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See edit at end for actual problem.

Ok, I have this scenario:

a = [false, true, true, true, true, true, true, true, true, true, true, true, true, true, true, true, true, true, true, true, true, true, true, true, false, true, false, false, false, false, false, false, false, false, false, false, false, false, false, false, false, false, false, false, false, false, false, false, false, false, false, false, false, false, false, false, false, false, false, false, false, false, false, false, false]

Then if I do this:

a.sort(function(a,b){return !a && b});

It gives me this:

[false, false, true, true, true, true, true, true, true, true, true, true, true, true, true, true, true, true, true, true, true, true, true, true, false, true, false, false, false, false, false, false, true, false, false, false, false, false, false, false, false, false, false, false, false, false, false, false, false, false, false, false, false, false, false, false, false, false, false, false, false, false, false, false, false]

It's sorta doing a sort... but not quite... :(

How do I sort this array?

EDIT:

If you are wondering why I did not use just a.sort() is because my actual array is of objects, not a plain array like the one I posted. The real one has elements that look like [{xx:true},{xx:false},...]

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If I do a.map(function(x){ return x?1:0 }).sort(function(a,b){return a>b}); does not work either... I think I might be doing something elementary wrong –  PCoelho Jun 30 '13 at 5:25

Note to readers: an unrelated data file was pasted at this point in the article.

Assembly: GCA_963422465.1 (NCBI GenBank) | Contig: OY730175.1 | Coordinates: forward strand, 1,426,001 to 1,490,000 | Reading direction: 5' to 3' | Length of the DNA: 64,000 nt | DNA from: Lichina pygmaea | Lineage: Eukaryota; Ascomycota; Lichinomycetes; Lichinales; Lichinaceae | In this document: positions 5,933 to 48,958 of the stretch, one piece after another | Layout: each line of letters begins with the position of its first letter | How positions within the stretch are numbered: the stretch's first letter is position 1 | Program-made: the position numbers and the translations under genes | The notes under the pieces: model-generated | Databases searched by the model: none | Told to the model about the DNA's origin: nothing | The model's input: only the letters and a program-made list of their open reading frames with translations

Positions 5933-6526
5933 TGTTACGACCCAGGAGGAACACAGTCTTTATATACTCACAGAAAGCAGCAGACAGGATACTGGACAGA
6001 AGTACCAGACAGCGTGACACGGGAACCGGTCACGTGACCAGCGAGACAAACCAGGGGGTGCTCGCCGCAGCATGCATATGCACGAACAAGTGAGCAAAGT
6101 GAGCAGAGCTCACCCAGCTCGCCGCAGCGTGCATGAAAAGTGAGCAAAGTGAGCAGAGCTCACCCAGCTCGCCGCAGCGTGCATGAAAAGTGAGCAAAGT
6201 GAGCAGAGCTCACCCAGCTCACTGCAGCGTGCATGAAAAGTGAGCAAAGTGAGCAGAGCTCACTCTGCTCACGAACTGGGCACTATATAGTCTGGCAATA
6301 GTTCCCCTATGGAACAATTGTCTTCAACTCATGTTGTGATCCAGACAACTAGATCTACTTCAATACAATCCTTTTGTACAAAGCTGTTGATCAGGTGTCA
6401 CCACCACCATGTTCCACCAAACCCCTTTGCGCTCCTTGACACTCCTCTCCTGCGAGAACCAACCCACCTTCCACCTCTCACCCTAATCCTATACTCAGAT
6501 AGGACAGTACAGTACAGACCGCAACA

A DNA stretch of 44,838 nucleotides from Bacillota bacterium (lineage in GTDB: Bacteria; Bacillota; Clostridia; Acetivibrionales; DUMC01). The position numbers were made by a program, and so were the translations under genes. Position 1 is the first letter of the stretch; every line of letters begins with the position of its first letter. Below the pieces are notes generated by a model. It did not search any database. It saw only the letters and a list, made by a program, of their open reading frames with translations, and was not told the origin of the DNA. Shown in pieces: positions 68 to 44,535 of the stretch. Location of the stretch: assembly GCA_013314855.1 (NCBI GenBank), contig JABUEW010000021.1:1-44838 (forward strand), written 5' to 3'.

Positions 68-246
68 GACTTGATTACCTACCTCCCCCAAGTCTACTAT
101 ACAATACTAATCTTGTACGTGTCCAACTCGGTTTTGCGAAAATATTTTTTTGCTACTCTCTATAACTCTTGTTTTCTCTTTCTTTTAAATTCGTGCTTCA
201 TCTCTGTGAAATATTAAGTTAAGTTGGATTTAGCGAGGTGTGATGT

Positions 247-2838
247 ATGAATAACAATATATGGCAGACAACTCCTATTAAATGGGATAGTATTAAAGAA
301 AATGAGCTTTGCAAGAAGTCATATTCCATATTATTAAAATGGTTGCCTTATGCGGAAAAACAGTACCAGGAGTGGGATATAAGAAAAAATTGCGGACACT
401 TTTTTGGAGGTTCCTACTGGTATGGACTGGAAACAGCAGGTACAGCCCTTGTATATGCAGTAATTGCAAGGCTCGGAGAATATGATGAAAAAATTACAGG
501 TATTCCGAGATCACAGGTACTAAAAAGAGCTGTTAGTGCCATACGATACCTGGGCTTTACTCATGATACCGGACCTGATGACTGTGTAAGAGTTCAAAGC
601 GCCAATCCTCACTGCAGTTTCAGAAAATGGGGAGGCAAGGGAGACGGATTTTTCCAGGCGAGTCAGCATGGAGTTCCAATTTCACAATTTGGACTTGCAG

why you need to write custom function? a.sort() should work –  Haseeb Asif Jun 30 '13 at 5:36

2 Answers 2

up vote 11 down vote accepted
a = [false, true, true, true, true, true, true, true, true, true, true, true, true, true, true, true, true, true, true, true, true, true, true, true, false, true, false, false, false, false, false, false, false, false, false, false, false, false, false, false, false, false, false, false, false, false, false, false, false, false, false, false, false, false, false, false, false, false, false, false, false, false, false, false, false];


a.sort(function(x, y) {
    return (x === y)? 0 : x? -1 : 1;
});

console.log(a);

JSFiddle

You must return 0 when a and b both have same value, -1 if a is true and 1 otherwise.

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Yep you got it :) thanks! (i'll accept your answer as soon as stackoverflow allows me to :P) –  PCoelho Jun 30 '13 at 5:31
4  
Even shorter: a.sort(function(x, y) { return y - x }); –  Joe Frambach Jun 30 '13 at 5:33
2  
what about a.sort() ? ed: tried, works! –  dandavis Jun 30 '13 at 5:33
    
the array that I am sorting is not as simple as the one I posted. Check my edit –  PCoelho Jun 30 '13 at 5:38
    
@PCoelho, consider using Joe's solution. It works and is more concise. –  c.P.u1 Jun 30 '13 at 5:41

a simpler way:

a = [{xx:true},{xx:false},{xx:true},{xx:false},{xx:true},{xx:false},{xx:true},{xx:false},{xx:true},{xx:false},{xx:true},{xx:false},{xx:true},{xx:false},{xx:true},{xx:false},{xx:true},{xx:false}];

a.sort(function(a,b){return a.xx-b.xx});

console.log(a);

you can call a.reverse() after the sort() if you want it sorted the other way..

EDIT: edited to reflect updated question of sorting an array of objects instead of an array of booleans.

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Yeah, what's wrong with a.sort(), OP? –  Pranav N. Jun 30 '13 at 5:38
1  
@PranavNegandhi: what's wrong is that i answered the question before an edit re-defined it... –  dandavis Jun 30 '13 at 5:42
    
updated the answer anyway, so people can cut-and-paste a test... –  dandavis Jun 30 '13 at 5:54

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